My excitement that I seemed to be on Tanzanian time was premature given the fact that after eating breakfast, I promptly slept for another eight hours.

the bunk bed at the hostel had mosquitos nets that you wrapped around the bed when sleeping

the bunk bed at the hostel had mosquitos nets that you wrapped around the bed when sleeping

I woke up just in time to join three students on a walk to the store and then join the whole hostel crew – about eight of us – on an excursion to a super swanky bar.

I say super swanky because this was a place where almost everyone in attendance was white, a rarity. It wasn’t swanky in the way things might be here in the States, but there were western toilets – another rarity. There was an outdoor bar where you sat at picnic tables protected by large canvas umbrellas. And the food was very, very expensive compared to local prices — 3500 Tsh ($1.75) for a beer  and 4000Tsh ($2.30) for fries (the only vegan thing on the menu for a reasonable price — salads were about $7). It was an expat bar, Kareem told us, and additionally all the safari owners liked to hang out there.

I made conversation, a bit shyly, with a Norwegian girl, Heidi, who I’d met briefly earlier when she’d  suspiciously questioned my purchasing of a can of pineapple instead of buying an actual pineapple (she was right, in general, but my purpose in the purchase had been to get change in Tanzanian shillings).

Despite this not-as-rosy initial meeting, we were having tons of fun chatting under the night sky and she’d been talking about the $600, 4-day budget safari she was leaving on the next day. In almost no time, she’d invited me, I said yes, we left the bar, I packed up my stuff and $600 and went to bed for a 6am wake up call.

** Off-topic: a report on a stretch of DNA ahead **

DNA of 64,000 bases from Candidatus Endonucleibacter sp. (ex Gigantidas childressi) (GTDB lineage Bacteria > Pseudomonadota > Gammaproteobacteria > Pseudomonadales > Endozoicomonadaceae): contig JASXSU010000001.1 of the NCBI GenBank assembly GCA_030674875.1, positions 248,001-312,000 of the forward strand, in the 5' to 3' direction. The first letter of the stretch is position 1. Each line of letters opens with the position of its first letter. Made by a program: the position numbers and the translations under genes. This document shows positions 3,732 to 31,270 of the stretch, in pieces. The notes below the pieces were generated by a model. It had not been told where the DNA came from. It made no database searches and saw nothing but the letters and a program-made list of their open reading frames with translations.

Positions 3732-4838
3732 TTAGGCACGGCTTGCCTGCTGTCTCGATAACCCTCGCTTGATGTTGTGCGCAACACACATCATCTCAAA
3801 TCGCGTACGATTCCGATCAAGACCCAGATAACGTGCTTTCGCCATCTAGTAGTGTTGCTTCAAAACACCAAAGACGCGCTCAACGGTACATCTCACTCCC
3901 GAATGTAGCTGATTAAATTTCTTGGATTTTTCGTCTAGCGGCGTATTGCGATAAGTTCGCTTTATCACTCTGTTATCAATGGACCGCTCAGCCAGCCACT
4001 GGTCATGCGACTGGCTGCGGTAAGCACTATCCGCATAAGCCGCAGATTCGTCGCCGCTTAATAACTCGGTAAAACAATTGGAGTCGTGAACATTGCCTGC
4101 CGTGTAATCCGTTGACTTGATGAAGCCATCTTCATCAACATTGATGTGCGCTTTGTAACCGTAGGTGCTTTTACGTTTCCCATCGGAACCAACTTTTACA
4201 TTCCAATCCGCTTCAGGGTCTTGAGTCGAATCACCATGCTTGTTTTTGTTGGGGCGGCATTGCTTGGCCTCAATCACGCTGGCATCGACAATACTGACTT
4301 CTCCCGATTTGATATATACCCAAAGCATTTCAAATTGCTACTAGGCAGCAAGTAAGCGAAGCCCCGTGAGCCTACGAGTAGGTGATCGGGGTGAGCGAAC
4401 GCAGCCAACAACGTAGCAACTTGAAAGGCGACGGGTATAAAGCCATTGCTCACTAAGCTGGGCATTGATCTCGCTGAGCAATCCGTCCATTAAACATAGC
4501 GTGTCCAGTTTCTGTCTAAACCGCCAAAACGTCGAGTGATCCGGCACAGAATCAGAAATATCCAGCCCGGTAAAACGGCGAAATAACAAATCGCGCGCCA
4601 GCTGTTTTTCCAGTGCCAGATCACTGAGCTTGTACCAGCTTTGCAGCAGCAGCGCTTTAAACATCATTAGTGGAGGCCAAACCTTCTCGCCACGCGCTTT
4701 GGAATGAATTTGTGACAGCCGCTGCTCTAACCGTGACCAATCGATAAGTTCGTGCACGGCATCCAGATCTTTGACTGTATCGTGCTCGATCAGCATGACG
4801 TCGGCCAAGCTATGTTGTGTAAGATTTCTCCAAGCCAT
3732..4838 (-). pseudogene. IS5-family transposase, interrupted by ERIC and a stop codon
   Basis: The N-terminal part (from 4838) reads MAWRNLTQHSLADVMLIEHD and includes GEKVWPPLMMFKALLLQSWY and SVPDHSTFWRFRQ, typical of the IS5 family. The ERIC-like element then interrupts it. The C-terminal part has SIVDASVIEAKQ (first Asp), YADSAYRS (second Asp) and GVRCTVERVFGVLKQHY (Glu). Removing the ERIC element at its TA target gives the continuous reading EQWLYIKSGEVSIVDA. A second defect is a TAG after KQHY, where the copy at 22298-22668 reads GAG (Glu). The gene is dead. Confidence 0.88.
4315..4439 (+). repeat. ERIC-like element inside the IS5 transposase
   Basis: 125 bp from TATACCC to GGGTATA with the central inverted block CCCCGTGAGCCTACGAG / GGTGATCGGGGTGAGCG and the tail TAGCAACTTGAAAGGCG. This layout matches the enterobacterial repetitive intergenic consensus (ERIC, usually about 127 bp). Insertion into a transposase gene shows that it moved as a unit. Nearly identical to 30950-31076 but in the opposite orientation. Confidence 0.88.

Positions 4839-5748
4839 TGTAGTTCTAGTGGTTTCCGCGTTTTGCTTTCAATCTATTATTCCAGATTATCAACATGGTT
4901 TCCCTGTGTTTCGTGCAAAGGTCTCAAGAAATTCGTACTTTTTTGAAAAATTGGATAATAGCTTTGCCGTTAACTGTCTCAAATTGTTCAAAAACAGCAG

I was not so lucky though, as I woke up in the middle of the night to one of the three students who had come in that day from their travels yelling at her friend, Tommy. Tommy, who was standing over my bed. Tommy, who was peeing on/near my bed. Tommy who was so drunk he didn’t even realize what he was doing and who, with the help of his friend, cleaned up the urine that had got on the floor. The small bit of urine on the edge of my bed, of course, we could do nothing about. After that it was tough to go back to sleep. It was made tougher by one of the other students, Nikki, who got very scared after feeling something touch her head and went to sleep with her friend Steph. After listening very carefully for about 30 minutes, we determined that we could at least place the strange sounds we heard as going from a mouse who was pigging out on a bag of chips and then trying to eat its way through the door.

Needless to say, it was a bit of a sleepless night. After being up for so long, rattled by Tommy, and the head touching and the sounds of the mouse, I got very anxious about the safari, and where I would pee, and what it would be like, and tried listening to a meditation recording to put me in a better start of mind. When that didn’t work, I used the wifi to talk to Joe on Facebook a bit and get some courage from him. Then I watched my favorite, easy-watching movie, Kate and Leopold for a while. Finally, with two hours to go before I had to get up, I drifted off.

I was tired and nervous but excited too at 6am in the morning when Heidi and I boarded the safari van. With a day pack full of clothes, sunscreen, shampoo, a towel, a camera, my iPad, and my journal, all that was left was to warn Heidi that she should know I had to pee all the time, and we were off to pick up another couple who would be joining us on the journey.